Geotagging Photos

Katelyn Heiner —  June 6, 2013 — Leave a comment

What is geotagging?

First of all, let’s start out on the right foot here with a brief explanation of geotagging, in case you’re new to the subject.

Geotagging is the act of adding geographical information (in the form of metadata) to some type of media, including photos, videos, websites, etc.

How do people use geotagging?

Geotagged photos are used any time people want to associate an image with a location. For example, say you want to document your vacation to Hawaii. You can geotag your photos and view them on a map of the island that displays exactly where each photo was taken. Or say that you’re big-time into fishing. You can take geotagged photos of each catch to document when and where you had the most success.

An image of the Grand Canyon in Google Earth. Check out all those geotagged photos!

An image of the Grand Canyon in Google Earth. Check out all those geotagged photos!

You’ve probably seen geotagged photos on Google Earth, where individuals can upload their photos for anyone to see. It’s a nifty way to catch a glimpse of places all over the world, or to find some sites you’d like to visit. All you need to geotag your own photos is a camera with access to GPS, which, conveniently, most smart phones have these days.

How is geotagging used in data collection?

In field data collection, geotagging is used mainly for two purposes. One purpose is to document an asset or a sample (for research). For example, Public Works professionals will geotag an asset, such as a fire hydrant, to record the date, time, and location and will then use software like Juniper Aspect to record details describing the state of the asset. Then the next time that asset needs to be inspected or maintained, its location and its previous condition can easily be recalled. The second purpose of geotagging in data collection is to provide what we call “GPS verification”—or proof that work on an asset was indeed performed. This is especially used when field workers are paid by the number of assets they perform work on, or when a contracted company needs to verify that they completed the work they billed for.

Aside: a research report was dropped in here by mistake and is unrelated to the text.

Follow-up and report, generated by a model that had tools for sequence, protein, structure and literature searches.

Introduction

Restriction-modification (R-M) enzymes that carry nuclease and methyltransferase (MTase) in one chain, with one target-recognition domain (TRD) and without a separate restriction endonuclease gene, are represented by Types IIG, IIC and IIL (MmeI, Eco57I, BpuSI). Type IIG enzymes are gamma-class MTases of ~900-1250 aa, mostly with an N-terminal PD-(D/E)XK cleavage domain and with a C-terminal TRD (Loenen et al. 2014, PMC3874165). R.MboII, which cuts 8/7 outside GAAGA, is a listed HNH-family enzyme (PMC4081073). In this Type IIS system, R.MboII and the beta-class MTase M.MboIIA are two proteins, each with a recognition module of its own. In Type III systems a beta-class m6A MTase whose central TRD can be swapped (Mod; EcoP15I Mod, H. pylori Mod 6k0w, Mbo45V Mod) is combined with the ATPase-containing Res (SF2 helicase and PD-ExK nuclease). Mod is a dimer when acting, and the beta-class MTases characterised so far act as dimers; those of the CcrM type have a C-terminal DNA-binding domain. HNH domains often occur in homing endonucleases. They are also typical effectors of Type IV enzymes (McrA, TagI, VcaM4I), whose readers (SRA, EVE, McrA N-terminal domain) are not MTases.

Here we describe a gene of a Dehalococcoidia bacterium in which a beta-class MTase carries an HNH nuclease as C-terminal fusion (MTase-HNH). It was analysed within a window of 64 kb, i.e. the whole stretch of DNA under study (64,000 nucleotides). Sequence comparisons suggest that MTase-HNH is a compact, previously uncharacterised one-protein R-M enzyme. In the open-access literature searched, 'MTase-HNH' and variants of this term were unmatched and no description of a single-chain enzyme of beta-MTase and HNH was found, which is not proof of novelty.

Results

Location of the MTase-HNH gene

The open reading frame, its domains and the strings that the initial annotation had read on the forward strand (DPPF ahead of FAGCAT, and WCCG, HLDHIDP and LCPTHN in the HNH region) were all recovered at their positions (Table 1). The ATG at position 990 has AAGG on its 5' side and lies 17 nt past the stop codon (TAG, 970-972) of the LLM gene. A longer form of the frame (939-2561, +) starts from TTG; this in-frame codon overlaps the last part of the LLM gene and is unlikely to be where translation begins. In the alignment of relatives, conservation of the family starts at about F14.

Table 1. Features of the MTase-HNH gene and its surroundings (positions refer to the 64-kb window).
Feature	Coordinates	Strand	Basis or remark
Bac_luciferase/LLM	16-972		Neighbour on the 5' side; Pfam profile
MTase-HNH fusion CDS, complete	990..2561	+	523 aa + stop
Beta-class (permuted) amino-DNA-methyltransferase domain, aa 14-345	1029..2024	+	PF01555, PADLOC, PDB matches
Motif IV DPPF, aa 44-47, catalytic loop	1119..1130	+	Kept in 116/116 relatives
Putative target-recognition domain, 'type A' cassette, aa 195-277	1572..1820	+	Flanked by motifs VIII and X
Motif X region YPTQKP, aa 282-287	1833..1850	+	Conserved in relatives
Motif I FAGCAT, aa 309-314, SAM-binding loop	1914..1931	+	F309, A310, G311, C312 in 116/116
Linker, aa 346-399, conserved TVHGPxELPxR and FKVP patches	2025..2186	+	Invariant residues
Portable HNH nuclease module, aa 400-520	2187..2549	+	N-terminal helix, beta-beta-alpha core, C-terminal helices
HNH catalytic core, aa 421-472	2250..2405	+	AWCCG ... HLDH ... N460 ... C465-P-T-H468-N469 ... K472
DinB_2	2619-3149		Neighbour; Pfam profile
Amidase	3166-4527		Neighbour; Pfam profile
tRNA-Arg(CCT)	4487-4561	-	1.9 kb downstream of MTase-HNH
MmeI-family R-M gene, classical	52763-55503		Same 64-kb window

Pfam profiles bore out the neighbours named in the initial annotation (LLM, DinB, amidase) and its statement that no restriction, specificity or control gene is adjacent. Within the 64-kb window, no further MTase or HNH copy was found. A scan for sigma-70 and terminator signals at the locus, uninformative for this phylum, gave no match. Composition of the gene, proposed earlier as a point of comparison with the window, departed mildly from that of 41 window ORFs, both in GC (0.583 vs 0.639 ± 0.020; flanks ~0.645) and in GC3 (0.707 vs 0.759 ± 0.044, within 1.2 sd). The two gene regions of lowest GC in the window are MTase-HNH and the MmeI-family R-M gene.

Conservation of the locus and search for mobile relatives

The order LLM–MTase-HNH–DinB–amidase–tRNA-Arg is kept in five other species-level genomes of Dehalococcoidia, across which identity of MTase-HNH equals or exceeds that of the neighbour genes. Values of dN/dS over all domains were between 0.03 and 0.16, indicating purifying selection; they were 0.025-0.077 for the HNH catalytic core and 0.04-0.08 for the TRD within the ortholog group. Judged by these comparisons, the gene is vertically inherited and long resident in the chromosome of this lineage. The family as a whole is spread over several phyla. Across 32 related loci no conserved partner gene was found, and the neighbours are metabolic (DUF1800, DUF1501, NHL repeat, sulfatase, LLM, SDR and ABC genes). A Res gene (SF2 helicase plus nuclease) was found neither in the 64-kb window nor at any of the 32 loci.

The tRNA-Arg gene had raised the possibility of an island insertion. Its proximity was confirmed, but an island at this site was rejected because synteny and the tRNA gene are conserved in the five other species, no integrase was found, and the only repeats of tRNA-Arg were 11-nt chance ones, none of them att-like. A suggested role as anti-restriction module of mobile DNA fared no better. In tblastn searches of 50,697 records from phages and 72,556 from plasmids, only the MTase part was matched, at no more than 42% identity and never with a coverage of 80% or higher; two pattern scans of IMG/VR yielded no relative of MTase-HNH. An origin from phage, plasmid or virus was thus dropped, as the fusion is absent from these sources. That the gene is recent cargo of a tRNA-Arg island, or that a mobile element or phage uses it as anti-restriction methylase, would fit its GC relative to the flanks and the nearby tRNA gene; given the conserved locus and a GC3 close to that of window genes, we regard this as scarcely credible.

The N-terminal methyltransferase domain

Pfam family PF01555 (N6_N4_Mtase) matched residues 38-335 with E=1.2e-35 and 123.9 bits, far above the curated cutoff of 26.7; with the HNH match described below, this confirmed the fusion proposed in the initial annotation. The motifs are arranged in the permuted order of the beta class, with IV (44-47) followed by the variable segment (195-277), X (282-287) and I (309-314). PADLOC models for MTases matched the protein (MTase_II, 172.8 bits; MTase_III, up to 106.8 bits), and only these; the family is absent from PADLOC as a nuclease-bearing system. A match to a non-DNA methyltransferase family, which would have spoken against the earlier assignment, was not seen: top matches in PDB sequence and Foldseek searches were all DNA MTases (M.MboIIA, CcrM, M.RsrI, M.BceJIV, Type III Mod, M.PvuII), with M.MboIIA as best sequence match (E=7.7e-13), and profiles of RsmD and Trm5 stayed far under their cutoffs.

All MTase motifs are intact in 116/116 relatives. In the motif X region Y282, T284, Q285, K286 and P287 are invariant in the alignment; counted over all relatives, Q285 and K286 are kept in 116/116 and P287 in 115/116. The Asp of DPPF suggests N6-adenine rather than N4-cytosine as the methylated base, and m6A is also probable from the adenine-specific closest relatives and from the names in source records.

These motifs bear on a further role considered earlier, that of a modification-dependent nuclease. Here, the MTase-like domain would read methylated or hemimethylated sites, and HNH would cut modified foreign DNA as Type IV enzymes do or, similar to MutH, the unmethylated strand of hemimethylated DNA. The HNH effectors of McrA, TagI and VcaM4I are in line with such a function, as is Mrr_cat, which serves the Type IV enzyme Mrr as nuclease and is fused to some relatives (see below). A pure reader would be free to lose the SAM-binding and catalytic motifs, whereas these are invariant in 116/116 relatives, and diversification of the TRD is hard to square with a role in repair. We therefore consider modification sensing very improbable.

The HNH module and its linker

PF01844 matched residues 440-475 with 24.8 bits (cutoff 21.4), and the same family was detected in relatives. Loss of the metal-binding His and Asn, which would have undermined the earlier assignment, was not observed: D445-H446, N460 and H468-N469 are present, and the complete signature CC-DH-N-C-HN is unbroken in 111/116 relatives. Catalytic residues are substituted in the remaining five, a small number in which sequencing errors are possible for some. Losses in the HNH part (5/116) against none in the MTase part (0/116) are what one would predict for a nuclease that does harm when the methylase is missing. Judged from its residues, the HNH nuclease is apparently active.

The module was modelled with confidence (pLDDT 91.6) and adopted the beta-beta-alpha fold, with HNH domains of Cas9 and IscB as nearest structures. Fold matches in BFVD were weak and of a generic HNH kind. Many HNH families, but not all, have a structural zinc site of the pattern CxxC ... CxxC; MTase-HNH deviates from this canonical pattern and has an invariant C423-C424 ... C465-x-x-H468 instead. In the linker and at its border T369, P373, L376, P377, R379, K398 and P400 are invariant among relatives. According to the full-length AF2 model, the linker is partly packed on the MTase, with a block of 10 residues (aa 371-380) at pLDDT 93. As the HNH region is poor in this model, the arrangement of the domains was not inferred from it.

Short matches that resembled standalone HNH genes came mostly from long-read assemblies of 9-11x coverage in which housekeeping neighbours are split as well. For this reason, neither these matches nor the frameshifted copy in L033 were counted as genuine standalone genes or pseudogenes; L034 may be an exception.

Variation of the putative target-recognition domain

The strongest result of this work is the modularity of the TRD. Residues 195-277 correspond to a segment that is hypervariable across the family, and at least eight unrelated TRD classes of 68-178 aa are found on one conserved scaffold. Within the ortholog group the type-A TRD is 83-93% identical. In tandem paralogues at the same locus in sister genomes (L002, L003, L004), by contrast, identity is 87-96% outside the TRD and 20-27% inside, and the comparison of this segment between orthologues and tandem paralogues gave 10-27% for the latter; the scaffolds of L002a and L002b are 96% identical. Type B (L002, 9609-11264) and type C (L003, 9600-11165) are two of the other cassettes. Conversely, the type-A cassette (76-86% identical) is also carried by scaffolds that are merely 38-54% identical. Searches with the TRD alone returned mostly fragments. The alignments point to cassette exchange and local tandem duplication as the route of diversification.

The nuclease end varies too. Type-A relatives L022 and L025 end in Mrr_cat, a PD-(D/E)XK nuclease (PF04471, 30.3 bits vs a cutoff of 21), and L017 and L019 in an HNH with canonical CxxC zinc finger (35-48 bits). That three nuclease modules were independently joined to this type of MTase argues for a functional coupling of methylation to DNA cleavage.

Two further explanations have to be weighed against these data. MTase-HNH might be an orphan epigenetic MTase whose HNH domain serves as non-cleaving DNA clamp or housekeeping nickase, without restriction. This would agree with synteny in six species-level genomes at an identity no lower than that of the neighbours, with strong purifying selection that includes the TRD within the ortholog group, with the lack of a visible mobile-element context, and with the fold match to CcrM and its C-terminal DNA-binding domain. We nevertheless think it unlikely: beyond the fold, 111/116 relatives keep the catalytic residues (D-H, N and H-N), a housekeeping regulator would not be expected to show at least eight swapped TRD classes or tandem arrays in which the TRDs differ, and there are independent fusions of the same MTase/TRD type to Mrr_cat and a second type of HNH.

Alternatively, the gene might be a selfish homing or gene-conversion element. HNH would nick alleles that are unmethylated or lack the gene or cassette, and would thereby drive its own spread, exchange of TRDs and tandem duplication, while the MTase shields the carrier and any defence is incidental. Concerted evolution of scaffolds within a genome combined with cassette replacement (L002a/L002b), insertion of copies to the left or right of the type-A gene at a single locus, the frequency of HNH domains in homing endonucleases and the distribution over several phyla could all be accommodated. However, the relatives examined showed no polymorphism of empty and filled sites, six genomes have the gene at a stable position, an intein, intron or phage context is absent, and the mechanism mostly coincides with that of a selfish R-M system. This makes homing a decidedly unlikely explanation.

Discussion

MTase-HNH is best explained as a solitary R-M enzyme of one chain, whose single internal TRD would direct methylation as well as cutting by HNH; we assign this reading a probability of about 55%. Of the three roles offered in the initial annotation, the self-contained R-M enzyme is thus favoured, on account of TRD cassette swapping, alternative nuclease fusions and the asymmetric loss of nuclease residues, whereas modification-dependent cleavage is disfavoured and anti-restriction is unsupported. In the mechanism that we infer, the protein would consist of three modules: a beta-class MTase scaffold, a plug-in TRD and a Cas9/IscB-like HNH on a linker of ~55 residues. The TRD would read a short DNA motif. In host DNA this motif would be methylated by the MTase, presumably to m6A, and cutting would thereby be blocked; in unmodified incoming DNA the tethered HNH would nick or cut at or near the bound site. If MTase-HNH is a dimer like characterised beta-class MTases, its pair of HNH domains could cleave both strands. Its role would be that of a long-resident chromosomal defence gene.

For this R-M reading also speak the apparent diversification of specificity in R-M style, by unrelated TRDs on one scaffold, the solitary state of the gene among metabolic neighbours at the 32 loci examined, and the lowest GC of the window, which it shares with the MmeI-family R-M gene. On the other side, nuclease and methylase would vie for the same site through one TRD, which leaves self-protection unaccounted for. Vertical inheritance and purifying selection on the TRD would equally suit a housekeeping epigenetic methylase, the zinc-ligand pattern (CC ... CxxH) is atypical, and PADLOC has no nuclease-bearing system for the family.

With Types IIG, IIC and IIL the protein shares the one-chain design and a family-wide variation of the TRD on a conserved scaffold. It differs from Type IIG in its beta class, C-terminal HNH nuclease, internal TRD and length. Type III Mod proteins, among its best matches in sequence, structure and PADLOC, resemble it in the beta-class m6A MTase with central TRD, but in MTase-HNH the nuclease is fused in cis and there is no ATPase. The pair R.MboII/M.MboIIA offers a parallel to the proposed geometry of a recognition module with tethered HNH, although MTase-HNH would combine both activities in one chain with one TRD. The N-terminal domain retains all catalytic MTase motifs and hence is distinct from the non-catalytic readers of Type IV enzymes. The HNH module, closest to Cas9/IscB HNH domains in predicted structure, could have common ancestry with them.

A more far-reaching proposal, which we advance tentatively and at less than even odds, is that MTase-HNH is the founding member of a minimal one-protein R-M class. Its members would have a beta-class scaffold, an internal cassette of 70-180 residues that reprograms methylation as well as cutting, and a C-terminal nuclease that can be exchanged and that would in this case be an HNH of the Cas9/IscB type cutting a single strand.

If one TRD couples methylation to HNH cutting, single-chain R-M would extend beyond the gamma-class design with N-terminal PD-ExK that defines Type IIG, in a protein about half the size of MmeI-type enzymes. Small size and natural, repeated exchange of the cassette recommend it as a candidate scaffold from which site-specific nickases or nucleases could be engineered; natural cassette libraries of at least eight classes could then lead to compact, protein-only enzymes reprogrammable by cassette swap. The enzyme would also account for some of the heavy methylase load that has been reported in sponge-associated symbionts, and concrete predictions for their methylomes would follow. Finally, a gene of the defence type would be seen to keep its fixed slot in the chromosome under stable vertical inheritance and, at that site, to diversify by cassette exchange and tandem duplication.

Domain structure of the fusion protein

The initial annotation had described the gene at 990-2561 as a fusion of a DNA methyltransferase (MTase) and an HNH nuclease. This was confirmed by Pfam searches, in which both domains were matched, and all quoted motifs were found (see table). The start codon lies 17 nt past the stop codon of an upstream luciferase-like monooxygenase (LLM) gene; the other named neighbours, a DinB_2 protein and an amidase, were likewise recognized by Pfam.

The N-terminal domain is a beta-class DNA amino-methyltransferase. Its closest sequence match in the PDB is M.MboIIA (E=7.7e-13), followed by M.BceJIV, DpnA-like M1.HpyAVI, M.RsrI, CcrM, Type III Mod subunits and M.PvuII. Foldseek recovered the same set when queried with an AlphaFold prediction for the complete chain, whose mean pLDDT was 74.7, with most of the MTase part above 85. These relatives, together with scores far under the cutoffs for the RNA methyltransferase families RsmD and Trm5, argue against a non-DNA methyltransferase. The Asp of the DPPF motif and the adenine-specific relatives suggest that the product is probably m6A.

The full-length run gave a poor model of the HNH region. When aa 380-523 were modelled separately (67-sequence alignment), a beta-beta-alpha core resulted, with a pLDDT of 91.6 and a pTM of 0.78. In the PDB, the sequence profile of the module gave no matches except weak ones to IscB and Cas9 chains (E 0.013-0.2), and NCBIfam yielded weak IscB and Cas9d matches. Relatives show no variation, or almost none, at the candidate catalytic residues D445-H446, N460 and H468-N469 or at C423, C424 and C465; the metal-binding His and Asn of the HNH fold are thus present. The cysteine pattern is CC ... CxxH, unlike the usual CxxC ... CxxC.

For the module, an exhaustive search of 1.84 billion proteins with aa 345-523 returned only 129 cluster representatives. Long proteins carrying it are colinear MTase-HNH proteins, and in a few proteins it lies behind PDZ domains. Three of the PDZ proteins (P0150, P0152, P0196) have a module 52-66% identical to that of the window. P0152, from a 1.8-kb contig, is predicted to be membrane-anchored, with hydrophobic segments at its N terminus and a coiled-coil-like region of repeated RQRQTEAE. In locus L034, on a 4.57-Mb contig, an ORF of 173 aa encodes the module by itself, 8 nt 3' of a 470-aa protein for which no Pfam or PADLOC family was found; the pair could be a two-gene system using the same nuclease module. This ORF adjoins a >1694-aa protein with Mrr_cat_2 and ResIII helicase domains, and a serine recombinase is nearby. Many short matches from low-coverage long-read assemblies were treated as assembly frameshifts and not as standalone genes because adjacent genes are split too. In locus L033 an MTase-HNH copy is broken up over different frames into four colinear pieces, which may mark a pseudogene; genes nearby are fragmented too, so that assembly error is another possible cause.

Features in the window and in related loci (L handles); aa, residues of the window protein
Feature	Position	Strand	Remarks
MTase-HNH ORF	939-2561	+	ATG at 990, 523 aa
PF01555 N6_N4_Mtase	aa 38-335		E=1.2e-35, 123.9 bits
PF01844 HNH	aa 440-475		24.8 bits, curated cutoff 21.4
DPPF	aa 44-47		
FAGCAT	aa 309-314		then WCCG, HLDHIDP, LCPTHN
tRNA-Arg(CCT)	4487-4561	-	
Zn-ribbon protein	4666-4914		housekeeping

The Mesa Geo model can be used to geotag your photos with date, time, and GPS location. To get started geotagging, watch this video featuring John, our product manager, as he walks you through a few easy steps. In the comments below, share with us how you’ve used geotagging before!

 

Katelyn Heiner

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I'm a marketing specialist at Juniper Systems, and I love what I do! As a part of the marketing team, it seems like we constantly flirt with the line between work and play, so every day is always entertaining! When I'm not working, you can find me getting my work out on, cooking up something in the kitchen, or playing the piano.

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